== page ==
Watch Gameplay video
This months theme was PROTECT ME! I didn’t struggle too much with the idea as with this theme immediately Missile Command popped into my mind. Maybe this is why I only started to think about another idea. A game where the player is the escorted VIP (how we gamers hate escort missions right?) and/or the damsel in distress that needs a good AI to be protected by. Anyways, I stayed with the turret idea, and I didn’t want to make a stationary screen. This game use a crosshair system on top of movement, I made the mistake to use a camera which I didn’t had time to rethink and now it stays forever not too good. This camera is restricted to the turret, but otherwise it tries to move near the camera. Interestingly the gamepad control feels better than the mouse control. I draw a round turret body, its barrel is drawn from code with colored lines. The player can move it around a big chunk of meteor on an elliptical path. There is always at least one miner ship with a limited shield, and a number of resources to extract. The turret has a number of systems to use to defend the miner ships and the resources. I put the systems’ cooldown indicators on the turret, yellow for shooting, green for shield, blue for shockwave, and red for rockets. And the game is basically this: protect the ships until they are leave the big meteor, get funding, upgrade, repeat.
Technically I didn’t used new stuff, I only used known stuff differently. I used some of my pre-made local asset packs, but still those needed some changes, like my HP bar system for the cooldowns: I needed to redo some stuff so I can do indicator lines not just from left to right, but from right to left, and also both ways on the vertical axis. I didn’t want to build any levels, so I decided to randomize some of the stuff (background color, background element, big meteor tileset color and corner cuts, the angle of the incoming meteors, and where to put the miner ship). – During the show and tell I got an interesting feedback about the background elements, how I should not randomize those as players could look forward to see what cool stuff is in the background. Good point, but I have some four backgrounds only and from my secret project, and it’s also a game jam. But still, good point for a bigger project. – I used small scripts and global variables to set what size the big meteor should be, how fequently hostile meteors spawn, how many miner ships should spawn, with how many resources. Also, what enemies with what frequency, max number and rocket usage should spawn if any.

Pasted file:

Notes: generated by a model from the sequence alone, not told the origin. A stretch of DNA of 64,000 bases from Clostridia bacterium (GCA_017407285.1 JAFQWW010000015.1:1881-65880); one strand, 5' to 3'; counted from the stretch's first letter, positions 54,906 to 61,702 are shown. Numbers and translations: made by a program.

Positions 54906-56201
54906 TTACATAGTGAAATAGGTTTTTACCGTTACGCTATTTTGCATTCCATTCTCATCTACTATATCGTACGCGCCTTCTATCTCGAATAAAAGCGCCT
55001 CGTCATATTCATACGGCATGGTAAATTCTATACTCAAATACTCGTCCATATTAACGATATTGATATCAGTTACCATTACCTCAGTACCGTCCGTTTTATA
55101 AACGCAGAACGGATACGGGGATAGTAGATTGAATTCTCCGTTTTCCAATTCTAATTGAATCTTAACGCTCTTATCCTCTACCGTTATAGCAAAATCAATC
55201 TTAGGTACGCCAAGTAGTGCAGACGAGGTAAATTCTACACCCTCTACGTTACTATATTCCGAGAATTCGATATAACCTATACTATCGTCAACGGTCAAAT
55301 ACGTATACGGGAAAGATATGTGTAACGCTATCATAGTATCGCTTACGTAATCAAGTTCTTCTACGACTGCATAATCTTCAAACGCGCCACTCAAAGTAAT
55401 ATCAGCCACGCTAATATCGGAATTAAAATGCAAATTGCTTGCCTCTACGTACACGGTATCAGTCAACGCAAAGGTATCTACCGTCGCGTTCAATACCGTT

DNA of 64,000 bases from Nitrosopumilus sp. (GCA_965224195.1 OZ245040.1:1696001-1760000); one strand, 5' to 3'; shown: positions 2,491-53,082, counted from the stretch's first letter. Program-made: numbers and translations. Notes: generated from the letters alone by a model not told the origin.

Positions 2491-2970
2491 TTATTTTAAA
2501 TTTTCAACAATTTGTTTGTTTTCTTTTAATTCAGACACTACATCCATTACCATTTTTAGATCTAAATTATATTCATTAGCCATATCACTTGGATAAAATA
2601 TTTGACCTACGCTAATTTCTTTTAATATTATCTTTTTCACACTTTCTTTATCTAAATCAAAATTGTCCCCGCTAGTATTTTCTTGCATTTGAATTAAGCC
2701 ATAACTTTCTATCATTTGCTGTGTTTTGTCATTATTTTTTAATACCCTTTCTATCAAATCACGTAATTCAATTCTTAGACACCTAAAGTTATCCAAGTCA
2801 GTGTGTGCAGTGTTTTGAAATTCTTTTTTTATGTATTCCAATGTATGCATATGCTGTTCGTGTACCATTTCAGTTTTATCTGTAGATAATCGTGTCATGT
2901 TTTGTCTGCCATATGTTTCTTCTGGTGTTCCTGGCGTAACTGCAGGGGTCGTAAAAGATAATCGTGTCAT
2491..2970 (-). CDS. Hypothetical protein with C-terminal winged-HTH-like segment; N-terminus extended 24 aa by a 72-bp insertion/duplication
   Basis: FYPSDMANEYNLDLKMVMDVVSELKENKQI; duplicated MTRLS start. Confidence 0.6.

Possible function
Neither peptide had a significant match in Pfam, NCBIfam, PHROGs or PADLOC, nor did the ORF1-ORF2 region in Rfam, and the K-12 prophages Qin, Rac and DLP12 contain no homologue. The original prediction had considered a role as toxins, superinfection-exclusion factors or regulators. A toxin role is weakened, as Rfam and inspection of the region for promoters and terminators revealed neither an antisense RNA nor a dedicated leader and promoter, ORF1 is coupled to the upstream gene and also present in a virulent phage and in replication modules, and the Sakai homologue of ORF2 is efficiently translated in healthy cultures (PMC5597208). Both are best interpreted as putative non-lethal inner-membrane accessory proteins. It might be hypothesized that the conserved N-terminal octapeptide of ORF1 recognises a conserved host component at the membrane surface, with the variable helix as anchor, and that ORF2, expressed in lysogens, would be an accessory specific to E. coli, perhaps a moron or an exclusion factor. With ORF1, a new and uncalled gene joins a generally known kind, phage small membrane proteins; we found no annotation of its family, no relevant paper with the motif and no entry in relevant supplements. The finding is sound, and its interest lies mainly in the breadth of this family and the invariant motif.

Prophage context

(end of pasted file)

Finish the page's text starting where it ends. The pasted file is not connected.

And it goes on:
I tried to make my life easier wherever I could, but also put as many systems in there as I could. So when I came up with the big meteor spawner, I used a couple of shapes to cut the corners so it didn’t look like a block. I put cool indicators for enemies on the side of the screen to show which direction they are coming. I made them a similar path at creation as for the player, except they start somewhere on the room’s side, their end point is the total opposite side, and one random point added near the big meteor. They can go back and forth on this path.
I made a system for icons/menus to click on. I kinda forget I used something similar in Ghouly (not object based but coordinate based mouse clickable menu), so that’s that for “make my life easier”. Although that is true, I made the upgrade system first and I kinda just used that as menu. With very little effort I could make my main screen more interesting. I put a big meteor with a ship, I spawn meteors and enemies and they obliterate the lonely ship. I then write a little message about how the deep space mining operations are not profitable if the miners are destroyed. So I actually thought of a little story behind the game. In the not-too- far-nor-near future corporations hire turrets from smaller companies to protect these sites. If you are protect the ships and resources you get funding and a tip, and your reputation increases. If you loose all ships or a big chunk of resources, your reputation decreases, and if it’s reaches zero, it’s game over, you’re out of business.
I made this neat upgrade system, and I had to nerf the prices down a lot so it’s not that hard to buy them. I had a lot of trouble with the logic of the buttons, but finally I mananged to have it work as intended (hopefuly :D). Not too hard to navigate to the 10th level, and the game have 15 set up, the 16th being repeated endlessly. All in all I don’t think I will get back to this project. It was an experience, I learned a lot, and that’s all.